As of 2007, after wide media coverage, the original Hulu Besut commune, now down to 24 members, had reportedly chosen a new leader—a former police chief inspector in his 30s. The group is suspicious of visitors, and routinely turns out the commune's lights whenever a car approaches at night, in order not to be found. From 2009, Ariffin Mohamed was believed to have been residing in exile in Narathiwat, Thailand, just over the border from the Kelantan province.
On 22 April 2016, Ariffin died in the home of his third wife, Che Jaharah Awang in Kampung Batu 13, Hulu Besut due to old age. He was 74. Before his death, it was reported that he had been suffering from various illnesses since fleeing from the authorities in 2005. His body was laid to rest at Batu 13 Cemetery, Hulu Besut, Kuala Terengganu.
- List of people who have claimed to be Jesus
- List of Buddha claimants
- List of Mahdi claimants
- List of messiah claimants
- Freedom of religion in Malaysia
- Levett, Connie (20 August 2005). "Bulldozers etch boundaries of religious freedom". The Age. Retrieved 26 December 2007.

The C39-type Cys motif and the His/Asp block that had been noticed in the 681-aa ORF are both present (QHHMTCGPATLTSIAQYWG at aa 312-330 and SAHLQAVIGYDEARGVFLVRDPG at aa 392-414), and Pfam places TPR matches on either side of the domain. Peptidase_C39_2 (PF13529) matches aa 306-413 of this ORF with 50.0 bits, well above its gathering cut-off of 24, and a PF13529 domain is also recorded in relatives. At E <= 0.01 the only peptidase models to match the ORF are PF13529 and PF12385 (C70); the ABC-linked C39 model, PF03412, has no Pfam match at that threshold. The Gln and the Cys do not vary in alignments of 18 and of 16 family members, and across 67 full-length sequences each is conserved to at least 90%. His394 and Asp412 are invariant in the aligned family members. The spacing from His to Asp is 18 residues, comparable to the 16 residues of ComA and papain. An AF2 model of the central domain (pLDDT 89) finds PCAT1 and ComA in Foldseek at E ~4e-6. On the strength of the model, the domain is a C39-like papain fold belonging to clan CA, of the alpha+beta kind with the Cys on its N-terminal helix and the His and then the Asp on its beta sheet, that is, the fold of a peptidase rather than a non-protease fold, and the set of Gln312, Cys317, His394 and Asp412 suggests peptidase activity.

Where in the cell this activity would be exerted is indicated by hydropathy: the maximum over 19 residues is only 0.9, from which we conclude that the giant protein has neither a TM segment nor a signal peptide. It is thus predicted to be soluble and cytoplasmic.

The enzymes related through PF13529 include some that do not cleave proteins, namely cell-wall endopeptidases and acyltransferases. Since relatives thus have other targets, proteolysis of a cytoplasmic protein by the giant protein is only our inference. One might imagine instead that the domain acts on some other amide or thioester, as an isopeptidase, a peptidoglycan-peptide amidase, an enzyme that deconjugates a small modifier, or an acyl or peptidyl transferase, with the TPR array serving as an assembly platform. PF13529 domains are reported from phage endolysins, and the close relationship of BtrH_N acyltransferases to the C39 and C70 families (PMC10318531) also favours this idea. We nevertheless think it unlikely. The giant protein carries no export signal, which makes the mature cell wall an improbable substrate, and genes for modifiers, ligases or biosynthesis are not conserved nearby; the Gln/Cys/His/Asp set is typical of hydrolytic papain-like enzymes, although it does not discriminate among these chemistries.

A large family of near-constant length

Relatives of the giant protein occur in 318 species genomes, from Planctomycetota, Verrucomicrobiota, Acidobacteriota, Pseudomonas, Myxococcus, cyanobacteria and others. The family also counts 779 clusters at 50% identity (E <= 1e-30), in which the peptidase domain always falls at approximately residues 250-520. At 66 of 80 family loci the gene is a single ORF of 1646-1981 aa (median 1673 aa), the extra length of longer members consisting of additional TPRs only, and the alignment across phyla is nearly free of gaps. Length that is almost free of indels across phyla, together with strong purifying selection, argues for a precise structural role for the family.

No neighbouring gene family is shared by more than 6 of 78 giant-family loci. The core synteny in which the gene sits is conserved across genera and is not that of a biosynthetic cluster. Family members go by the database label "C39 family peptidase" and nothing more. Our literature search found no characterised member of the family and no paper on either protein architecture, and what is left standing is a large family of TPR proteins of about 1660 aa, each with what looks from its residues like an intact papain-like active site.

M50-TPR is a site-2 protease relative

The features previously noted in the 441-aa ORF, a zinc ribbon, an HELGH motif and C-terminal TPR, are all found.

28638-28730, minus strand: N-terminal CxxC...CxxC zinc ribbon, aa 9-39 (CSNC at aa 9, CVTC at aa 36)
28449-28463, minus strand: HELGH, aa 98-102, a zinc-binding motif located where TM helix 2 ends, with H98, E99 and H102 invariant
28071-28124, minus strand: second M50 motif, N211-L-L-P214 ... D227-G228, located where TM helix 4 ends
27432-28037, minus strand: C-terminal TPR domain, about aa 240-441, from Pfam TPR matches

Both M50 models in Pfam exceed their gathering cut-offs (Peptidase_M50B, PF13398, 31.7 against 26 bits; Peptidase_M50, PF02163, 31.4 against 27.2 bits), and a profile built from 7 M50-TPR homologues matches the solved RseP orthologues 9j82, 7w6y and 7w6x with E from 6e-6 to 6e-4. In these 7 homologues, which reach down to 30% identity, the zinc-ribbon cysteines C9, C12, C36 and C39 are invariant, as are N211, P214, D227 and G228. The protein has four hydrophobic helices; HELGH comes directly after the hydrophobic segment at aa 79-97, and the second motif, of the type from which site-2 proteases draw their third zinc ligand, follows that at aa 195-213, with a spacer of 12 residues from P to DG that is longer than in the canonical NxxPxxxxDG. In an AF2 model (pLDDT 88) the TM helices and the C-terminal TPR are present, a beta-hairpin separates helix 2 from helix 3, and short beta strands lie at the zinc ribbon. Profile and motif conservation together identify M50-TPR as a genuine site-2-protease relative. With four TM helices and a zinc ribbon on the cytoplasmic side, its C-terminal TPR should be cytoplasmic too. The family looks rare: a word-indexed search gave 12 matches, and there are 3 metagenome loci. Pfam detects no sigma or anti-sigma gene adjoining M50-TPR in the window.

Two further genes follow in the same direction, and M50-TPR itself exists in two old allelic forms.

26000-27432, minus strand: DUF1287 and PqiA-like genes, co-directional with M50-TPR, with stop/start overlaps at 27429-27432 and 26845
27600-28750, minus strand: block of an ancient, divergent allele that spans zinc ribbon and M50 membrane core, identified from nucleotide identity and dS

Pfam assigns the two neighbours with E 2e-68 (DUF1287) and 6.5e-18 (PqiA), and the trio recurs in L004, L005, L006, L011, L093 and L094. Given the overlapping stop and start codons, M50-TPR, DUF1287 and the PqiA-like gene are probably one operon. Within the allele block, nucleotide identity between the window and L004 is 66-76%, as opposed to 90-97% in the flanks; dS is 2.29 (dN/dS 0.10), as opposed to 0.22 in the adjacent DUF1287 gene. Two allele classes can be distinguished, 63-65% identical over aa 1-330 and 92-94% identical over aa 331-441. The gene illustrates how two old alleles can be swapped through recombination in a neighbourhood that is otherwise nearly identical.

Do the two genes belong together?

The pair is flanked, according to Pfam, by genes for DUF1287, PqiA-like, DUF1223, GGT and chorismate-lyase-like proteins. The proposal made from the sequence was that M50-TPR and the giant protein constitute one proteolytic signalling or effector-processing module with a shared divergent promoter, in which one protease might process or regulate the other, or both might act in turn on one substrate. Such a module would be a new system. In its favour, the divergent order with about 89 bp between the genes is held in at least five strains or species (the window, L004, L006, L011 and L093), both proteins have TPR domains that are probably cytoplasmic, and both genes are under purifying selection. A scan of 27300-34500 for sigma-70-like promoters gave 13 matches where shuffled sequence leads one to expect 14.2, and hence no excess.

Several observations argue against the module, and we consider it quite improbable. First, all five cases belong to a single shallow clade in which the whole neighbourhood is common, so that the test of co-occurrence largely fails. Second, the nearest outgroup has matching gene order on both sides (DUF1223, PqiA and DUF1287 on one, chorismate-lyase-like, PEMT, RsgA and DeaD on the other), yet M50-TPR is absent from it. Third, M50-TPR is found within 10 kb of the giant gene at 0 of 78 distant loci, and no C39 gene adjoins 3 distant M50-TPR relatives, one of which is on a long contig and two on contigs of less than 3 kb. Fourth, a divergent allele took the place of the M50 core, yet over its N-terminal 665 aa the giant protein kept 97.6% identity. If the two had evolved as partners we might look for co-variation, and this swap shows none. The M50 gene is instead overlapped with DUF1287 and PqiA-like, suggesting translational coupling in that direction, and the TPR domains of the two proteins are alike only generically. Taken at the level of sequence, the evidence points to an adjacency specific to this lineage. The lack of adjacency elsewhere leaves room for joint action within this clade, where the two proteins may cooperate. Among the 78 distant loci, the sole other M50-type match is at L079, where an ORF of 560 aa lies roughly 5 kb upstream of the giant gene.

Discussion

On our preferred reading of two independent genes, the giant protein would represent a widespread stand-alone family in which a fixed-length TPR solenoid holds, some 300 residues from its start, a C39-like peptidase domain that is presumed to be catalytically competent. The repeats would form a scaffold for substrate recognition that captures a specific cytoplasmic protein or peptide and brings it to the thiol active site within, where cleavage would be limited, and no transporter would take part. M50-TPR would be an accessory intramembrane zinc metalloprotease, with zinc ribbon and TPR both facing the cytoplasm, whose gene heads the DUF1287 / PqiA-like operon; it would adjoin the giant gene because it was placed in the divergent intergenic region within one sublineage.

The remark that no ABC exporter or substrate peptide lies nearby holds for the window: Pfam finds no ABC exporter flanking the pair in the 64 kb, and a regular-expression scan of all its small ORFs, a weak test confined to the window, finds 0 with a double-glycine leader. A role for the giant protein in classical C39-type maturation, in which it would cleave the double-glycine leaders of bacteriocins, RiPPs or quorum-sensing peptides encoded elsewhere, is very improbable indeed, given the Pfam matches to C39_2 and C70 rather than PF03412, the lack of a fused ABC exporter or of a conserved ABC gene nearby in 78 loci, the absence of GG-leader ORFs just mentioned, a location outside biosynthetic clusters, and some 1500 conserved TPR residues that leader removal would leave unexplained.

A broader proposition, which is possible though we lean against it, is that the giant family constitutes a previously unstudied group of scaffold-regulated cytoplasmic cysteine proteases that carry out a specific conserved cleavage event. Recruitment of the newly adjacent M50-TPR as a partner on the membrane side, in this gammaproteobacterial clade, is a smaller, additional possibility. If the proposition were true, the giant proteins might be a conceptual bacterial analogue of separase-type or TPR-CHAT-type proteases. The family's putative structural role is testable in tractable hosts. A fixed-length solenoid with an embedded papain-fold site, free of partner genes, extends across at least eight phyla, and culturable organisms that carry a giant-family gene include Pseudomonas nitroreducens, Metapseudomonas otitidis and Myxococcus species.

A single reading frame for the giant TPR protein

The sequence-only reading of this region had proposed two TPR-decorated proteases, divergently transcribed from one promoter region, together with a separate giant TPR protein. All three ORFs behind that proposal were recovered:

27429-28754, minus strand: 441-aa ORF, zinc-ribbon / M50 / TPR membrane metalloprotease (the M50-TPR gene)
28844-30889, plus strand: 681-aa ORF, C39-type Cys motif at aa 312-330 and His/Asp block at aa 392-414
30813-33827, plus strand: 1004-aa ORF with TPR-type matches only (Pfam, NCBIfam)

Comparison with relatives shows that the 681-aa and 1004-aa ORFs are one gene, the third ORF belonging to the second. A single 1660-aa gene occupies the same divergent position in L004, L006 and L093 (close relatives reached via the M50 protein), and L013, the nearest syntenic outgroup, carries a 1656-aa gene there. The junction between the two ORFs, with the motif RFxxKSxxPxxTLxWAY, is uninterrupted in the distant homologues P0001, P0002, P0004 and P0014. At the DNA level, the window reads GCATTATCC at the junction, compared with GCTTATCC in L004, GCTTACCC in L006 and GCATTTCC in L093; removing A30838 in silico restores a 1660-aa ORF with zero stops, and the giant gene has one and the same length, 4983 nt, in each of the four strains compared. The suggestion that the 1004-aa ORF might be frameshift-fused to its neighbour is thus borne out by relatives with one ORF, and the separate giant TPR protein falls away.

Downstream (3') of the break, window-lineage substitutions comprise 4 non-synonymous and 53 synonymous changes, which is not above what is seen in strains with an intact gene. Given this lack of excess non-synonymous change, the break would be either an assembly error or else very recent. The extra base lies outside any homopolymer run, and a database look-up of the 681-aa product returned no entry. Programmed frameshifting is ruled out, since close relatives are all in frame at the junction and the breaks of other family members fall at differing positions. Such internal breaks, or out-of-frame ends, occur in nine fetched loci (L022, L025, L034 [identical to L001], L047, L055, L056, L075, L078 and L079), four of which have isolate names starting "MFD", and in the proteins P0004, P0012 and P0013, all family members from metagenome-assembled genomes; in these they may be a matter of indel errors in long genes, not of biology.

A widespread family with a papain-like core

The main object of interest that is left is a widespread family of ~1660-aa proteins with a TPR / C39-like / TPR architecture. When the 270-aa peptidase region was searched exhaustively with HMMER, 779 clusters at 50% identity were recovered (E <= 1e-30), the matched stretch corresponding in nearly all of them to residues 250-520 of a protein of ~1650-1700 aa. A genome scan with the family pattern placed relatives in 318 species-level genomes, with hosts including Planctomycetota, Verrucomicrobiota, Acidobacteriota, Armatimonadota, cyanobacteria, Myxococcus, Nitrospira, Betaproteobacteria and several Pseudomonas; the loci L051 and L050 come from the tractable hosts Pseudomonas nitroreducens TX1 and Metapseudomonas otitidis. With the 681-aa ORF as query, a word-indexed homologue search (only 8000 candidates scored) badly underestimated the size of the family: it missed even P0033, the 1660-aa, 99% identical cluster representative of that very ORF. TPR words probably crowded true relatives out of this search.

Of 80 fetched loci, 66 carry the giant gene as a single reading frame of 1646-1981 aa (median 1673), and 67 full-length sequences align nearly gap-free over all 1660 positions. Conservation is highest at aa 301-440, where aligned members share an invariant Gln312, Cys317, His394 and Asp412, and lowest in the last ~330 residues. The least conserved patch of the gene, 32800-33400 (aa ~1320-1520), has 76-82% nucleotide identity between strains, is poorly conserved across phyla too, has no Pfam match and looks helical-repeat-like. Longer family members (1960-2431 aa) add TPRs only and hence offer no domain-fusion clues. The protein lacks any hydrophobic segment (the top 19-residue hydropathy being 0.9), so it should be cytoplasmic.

- "Pie in the sky (Feature and interview)". The Sun, Malaysia. 8 July 2005. Retrieved 26 December 2007.
- "Masked group attacks Ayah Pin commune". The Sun, Malaysia. 18 July 2005. Retrieved 26 December 2007.
- "58 followers of Ayah Pin arrested". The Sun, Malaysia. 21 July 2005. Retrieved 26 December 2007.
- "Three Wives of Ayah Pin Detained". Bernama. 31 July 2005. Retrieved 26 December 2007.
- "Lawyer to represent all 45 Sky Kingdom sect followers". New Straits Times. 1 September 2005. Retrieved 26 December 2007.
- "Pemimpin baru 'Kerajaan Langit'" (in Malay). Harian Metro. Retrieved 26 December 2007.
- "Cult leader Ayah Pin dies". Daily Express. 24 April 2016. Retrieved 24 April 2016.
- "Pie in the sky", Danny Lim, 9 July 2005, The Sun Daily, Malaysia (article in English, interview in Malay)